Almost three months have passed since the slaughter of 20 children and six adults at a Newtown, Conn., elementary school jumpstarted a national debate about gun control, but as President Obama heads into a week of meetings on Capitol Hill today, his spokesman assured Monday, "common-sense" action to rein in gun violence remains a top priority.
The point of the president's visit to Congress - the latest leg of his "charm offensive" strategy to loosen Washington gridlock - is to hash out disagreements over revenue as lawmakers try to cobble together a budget deal. Hope for a breakthrough, White House press secretary Jay Carney said, could come from movement on other issues - including gun control.
"Amidst all the talk about partisan stalemating, gridlock - it is a simple fact that there is activity right now in Washington that represents bipartisan compromise; efforts toward immigration reform, discussions on reducing gun violence," Carney said during his daily briefing with reporters. "They're priorities for his agenda, and... I know he will address that when he's on Capitol Hill."
Carney argued there is already "progress on legislation to help reduce gun violence," and said "we are moving on" the executive actions Mr. Obama put in place in January as part of a multi-step comprehensive package. But as the Senate Judiciary Committee reconvenes this morning to continue debating the proposed assault weapons ban, the bulk of the legislation under consideration faces increasingly diminishing chances of ever making it out of committee, much less the full Senate.
Before adjourning last Thursday, the panel did approve a bipartisan measure that would make "straw purchasing" - wittingly buying firearms for someone legally prohibited from doing so - a felony, and would increase penalties for the crime. It is expected to ultimately pass both chambers, but its likely success has been credited more to the botched gunwalking "Fast and Furious" scandal than to the Newtown tragedy.
The other three bills up for a vote face longer odds. One, looking to funnel $800 million into enhanced school safety systems, may be asking too much of a Congress ensnared in deficit-reduction fights. Another, seeking an expansion on background checks, is frustrated by the "gun show loophole" that allows for private transactions. The third, calling for a ban on high-capacity magazines and military-style assault weapons like the Bushmaster rifle used in Newtown, invites the most heated opposition from the gun lobby, and faces resistance from even some Democrats.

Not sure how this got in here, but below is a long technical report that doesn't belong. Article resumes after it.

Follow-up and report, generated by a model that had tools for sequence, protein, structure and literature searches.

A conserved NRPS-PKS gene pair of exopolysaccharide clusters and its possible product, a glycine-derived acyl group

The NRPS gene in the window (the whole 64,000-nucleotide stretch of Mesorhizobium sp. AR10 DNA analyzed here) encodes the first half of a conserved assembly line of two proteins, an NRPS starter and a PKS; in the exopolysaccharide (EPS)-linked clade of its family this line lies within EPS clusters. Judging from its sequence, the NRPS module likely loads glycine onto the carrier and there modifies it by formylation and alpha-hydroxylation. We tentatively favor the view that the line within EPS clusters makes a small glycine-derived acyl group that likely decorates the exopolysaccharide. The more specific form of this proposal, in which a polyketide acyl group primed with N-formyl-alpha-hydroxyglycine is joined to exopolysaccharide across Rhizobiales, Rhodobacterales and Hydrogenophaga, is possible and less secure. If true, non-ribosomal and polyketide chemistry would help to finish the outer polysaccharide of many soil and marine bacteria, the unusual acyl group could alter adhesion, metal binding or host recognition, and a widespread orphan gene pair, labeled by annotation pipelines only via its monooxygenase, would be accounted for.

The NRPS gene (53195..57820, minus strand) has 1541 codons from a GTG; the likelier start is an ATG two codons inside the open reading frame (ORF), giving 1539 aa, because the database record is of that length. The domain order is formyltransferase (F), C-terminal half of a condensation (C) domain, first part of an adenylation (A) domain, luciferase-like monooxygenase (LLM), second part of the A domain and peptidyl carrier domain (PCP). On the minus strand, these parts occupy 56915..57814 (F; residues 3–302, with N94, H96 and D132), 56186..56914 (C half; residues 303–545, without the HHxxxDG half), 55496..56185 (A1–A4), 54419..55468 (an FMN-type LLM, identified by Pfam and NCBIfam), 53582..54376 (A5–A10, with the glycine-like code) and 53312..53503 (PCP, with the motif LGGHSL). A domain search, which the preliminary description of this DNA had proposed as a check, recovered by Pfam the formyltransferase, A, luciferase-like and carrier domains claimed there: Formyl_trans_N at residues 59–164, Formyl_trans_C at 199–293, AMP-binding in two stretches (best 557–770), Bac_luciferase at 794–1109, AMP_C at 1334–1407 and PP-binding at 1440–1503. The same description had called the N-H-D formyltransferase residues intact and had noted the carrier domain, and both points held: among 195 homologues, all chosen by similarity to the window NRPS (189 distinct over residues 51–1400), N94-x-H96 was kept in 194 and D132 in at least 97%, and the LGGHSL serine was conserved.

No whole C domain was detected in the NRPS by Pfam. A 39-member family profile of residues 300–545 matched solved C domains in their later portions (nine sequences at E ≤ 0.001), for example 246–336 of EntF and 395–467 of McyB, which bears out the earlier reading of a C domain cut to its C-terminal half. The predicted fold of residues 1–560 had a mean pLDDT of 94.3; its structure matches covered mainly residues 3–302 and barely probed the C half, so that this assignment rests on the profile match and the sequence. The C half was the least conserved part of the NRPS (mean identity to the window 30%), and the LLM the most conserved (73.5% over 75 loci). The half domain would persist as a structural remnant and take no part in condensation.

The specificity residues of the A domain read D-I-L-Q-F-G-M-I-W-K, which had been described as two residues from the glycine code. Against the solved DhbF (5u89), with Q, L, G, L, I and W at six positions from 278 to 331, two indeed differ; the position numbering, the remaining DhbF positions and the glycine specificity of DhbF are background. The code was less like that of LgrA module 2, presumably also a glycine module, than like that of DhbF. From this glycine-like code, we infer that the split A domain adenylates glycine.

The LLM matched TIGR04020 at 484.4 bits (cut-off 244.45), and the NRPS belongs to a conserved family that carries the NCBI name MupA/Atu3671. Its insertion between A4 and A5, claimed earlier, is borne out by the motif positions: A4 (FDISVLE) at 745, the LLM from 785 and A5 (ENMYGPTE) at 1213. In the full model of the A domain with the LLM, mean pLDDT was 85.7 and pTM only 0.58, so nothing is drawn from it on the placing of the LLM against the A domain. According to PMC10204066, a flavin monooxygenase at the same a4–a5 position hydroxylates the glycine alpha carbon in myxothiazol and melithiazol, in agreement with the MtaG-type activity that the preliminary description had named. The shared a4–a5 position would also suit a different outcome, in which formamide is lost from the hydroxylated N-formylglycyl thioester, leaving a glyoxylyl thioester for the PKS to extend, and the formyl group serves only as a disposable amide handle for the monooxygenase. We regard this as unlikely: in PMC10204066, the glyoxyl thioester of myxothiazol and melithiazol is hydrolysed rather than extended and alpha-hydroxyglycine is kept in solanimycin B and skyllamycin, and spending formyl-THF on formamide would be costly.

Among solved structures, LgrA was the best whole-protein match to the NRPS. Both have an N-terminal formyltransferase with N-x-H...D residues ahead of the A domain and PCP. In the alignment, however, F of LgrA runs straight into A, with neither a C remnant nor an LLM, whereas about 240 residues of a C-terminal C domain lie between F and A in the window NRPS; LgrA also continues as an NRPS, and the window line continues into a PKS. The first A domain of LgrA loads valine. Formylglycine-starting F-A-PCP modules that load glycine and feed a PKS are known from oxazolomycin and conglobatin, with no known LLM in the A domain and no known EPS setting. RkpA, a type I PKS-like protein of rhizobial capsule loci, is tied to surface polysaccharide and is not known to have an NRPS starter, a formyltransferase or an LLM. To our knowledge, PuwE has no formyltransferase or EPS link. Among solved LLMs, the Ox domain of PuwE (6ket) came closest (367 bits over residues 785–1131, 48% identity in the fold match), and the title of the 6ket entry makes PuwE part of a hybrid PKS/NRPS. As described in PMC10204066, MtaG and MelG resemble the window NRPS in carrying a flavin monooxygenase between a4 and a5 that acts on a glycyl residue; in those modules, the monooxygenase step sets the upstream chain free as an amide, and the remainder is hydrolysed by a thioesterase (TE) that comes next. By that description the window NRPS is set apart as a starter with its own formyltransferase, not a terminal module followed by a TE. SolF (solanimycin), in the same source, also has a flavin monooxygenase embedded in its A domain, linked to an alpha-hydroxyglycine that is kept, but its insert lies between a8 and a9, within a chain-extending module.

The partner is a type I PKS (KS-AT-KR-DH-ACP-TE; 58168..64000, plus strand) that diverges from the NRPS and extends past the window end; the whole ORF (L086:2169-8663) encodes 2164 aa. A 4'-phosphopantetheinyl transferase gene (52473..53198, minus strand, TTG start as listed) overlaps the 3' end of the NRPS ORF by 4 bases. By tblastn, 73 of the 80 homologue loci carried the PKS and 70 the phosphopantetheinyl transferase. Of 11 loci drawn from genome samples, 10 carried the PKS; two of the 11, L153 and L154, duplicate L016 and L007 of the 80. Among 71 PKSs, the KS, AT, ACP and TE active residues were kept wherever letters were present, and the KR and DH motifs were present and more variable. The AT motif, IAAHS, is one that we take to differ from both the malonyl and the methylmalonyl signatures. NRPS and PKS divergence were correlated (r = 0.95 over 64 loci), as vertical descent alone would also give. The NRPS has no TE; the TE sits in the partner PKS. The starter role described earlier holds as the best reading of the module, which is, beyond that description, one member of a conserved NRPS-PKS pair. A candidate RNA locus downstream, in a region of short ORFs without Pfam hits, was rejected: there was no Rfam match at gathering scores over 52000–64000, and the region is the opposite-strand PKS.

Perhaps the biggest obstacle of all: Near-fiscal crisis after near-fiscal crisis, swallowing news headlines for weeks and threatening to dilute the passions reignited in December on both sides of the gun conversation.}
Hoping to avert that course, Neil Heslin, whose son was among the victims of the mentally ill gunman in Newtown, delivered an emotional plea before a Senate hearing recently. His son Jesse, he said, "was the love of my life. He was the only family I have left. It's hard for me to be here today, talking about my deceased son... but I have to. I'm his voice. I'm not here for the sympathy...I'm here to speak up for my son."
Heslin asked the committee to consider in its legislation "mental health issues, better background checks, bans on these [assault] weapons, ban on high-capacity magazines - they all have to come together and they all have to work effectively," he said. "Common sense tells you that."
It's not a lost cause: With budget battles stymieing Washington's movement on the issue, activists and lawmakers outside the beltway have forged ahead with their agendas.
In Colorado, a bill barring convicted domestic violence offenders from possessing firearms passed the state senate Monday on a party line vote. Multiple states are looking at levying taxes - in Maryland, 50 percent - on ammunition. And as Connecticut Gov. Dannel Malloy finalizes his plan for tightening guns laws, opponents from the National Rifle Association turned out several thousand strong Monday in a protest at the state capitol.
Toting his own agenda into meetings Wednesday and Thursday with House and Senate Republicans, respectively, Carney said, the president believes it's an issue that can and should surpass partisanship.
"In the wake of Newtown, I would argue that there's nothing partisan about common-sense solutions to reduce gun violence in America," Carney said. "The victims of gun violence aren't Democrats or Republicans, especially when they're children. And there ought to be - and there is - a path forward to reduce gun violence in America, much as the president laid out, that respects our Second Amendment rights."